Monthly Archives: June 2017

pastel painting of a red headed man and two ginger spotted chihuahuas

Three Gingers

 

pastel painting of a red headed man and two ginger spotted chihuahuas

Three Gingers, 6×9″ pastel on board, $110.

I saw this young man with his two sweet dogs walking out in front of my shop and asked him if I could have a picture. He said they were two rescues. Cute pups. One of them needs a hernia operation and he was visiting the pawn shop nearby, presumably to come up with the money for her? I couldn’t resist their faces and they seem so calm and happy with him. I called it Three Gingers because the little dogs each have ginger colored patches that matched their master’s hair.

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Rainbows

You might not know this about me, but I’m a rainbow mom. You know, someone whose kids have alphabet soup letters attached to them, specifically LGBTQ?

It’s partly why I made these wings on the front of my gallery. I mean, I started them with the idea that I was going to participate in a fundraiser/publicity event. The local hospital started an endowment to help local cancer patients. To help raise awareness, LudingtonĀ decided to go for a Guiness World Record for the most sand angels. A lot of businesses made angel wings for people (or their pets) to pose in front of and to encourage people to donate to the fund. That’s what I was doing, too, when I created these wings.

I put them on my picture window in front of the gallery with the intent of filling them in with blue and aqua and green, like a macaw’s wings. But when I got to the coloring stage, I reached for the little bottle of red instead, and before I knew it I had made rainbow wings.

I have rainbow-ized before. Our first house in Ludington had wrought iron pillars on the front porch and one day I decided to paint them in rainbow colors. At that time I was already a rainbow mom, but I didn’t know it yet. When eventually my daughter told me she liked girls, I hoped like hell it was a phase she was going through. I remember that I advised her to wait and see if things changed. I really wanted it to be something temporary, because I didn’t know what I was going to do if it wasn’t.

I not only wasn’t ready to accept her as gay, I didn’t know how to.

Growing up, I experienced only negative attitudes about homosexuality. A couple of my older brothers used to brag about “beating up queers” in Saugatuck and my parents didn’t censure them for it. I had a vague idea that this was not right, but I never did anything about it. It didn’t touch me, personally. I’m sure there were gay kids around me in high school, but I didn’t know anyone who was gay because I never asked. I pushed it off to one side and tried not to think about it.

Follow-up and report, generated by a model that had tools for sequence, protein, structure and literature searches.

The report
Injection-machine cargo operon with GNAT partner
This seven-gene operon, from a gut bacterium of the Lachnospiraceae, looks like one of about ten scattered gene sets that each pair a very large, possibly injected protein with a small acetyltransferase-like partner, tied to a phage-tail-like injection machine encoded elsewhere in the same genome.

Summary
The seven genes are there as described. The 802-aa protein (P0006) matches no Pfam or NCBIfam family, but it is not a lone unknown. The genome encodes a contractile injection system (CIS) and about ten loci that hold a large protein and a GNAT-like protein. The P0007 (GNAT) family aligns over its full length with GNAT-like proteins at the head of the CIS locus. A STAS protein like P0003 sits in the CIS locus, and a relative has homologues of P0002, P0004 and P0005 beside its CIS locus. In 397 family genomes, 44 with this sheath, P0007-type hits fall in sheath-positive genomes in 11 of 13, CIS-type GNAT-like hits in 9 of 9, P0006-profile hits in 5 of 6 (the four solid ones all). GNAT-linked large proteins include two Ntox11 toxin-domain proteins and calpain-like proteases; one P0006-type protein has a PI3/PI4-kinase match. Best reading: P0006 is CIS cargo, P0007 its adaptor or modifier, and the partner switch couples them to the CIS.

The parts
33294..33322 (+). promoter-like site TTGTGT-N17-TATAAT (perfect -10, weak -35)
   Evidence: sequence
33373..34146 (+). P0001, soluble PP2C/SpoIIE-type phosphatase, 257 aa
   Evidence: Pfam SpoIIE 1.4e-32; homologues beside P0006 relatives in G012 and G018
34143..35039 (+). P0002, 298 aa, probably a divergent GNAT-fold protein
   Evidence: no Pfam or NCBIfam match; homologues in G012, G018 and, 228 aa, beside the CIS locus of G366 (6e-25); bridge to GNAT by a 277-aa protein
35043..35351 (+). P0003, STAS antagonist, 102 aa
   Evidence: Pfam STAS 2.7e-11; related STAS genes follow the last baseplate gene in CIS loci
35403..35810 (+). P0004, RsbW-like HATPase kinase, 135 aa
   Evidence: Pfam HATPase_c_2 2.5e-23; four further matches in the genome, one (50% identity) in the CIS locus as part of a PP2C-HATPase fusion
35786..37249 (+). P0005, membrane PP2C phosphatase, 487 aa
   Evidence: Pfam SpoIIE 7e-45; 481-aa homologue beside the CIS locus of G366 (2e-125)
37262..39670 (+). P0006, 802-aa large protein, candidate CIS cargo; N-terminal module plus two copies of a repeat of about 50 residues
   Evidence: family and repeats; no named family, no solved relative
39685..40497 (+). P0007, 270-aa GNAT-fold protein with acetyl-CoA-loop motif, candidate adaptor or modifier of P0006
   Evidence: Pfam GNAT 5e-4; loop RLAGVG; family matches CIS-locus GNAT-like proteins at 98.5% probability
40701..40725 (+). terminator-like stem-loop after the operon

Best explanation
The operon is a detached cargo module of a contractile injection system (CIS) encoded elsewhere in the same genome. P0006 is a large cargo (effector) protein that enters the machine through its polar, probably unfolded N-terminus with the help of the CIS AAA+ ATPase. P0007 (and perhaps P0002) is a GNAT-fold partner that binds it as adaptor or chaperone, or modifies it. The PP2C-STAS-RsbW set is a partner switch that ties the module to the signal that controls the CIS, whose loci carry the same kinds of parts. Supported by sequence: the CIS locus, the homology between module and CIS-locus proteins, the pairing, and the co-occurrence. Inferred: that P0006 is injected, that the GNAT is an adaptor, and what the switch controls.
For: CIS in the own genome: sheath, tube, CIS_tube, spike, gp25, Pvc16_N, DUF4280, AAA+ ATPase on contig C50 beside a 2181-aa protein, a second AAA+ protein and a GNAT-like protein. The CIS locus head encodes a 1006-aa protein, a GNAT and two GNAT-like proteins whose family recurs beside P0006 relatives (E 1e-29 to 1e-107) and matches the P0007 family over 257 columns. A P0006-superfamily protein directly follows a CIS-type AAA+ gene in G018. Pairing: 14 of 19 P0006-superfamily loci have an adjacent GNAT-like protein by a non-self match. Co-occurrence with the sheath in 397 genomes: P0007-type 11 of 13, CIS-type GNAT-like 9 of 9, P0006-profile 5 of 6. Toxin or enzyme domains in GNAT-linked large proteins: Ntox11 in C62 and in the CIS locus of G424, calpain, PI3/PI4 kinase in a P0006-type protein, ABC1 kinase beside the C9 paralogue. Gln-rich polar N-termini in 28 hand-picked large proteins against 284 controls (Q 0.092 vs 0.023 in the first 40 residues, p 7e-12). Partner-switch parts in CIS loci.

So I had no training on how to be a parent to gay kids. What was I supposed to do? When my children came out to me, my first thought was, “What will my family think?” Because that really worried me. I was afraid my family would disapprove and that they would blame me for the way my kids turned out.

Fortunately, I married a man whose family had always been accepting of LGBTQ people. Steve was so matter of fact about it all, that it helped me be that way, too. And I did a lot of reading. I talked to people. I wrote about it.

Bottom line is, I love my kids, all of them, no matter their gender or sexuality. They’re my kids. They’re the people I’m the most passionate about, the ones I’d defend with my life. I want them to be happy, more than I want my parents’ or siblings’ approvals.

I’m still figuring it out, of course. And these wings are part of my process. They’re for all the rainbow children and rainbow parents here in Ludington and everywhere else, too. Of course, the wings are part of the fundraiser, but mostly they’re for my tribe, my rainbow people. Fly, you guys! And be free!

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pastel painting of a dog running along a path in the woods

I’m Gonna Run to You

Here’s my daughter Alice and her wife Sandra’s dog, Panda. He’s running through the woods at a park where they like to take him for walks. He’s such a good boy. They have been training him to do “nose” work. That’s where you teach your dog to find things based on the smell. Alice says it’s a lot of fun and it completely wears him out to go to the classes. This is a good thing because Panda is a very energetic doggy. Whenever I visit them Panda knows that he’s going to be asked to run through all the tricks he knows and then there’ll be treats!

pastel painting of a dog running along a path in the woods

I’m Gonna Run to You, 6×9″ pastel on board, $110.

If you’d like a portrait of your or someone else’s best friend, please check out my commissions page for more information. Pet portraits make great gifts!

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pastel painting of a german shepherd puppy

Did You Just Call Me a Good Boy?

I thought so.

So, I’m toying with the idea of a doggy a day painting for the rest of the summer. I have roughly three months to get better at pet portraits and it’s certainly not hard to find subjects! I have a bunch of good boys and girls walking by my store every day with their owners. I’ll just start asking them if I can take their picture.

Here’s my start.

pastel painting of a german shepherd puppy

Did You Just Call Me a Good Boy? 8×10″ pastel on gator board with clear gesso, double matted, no frame. $145.

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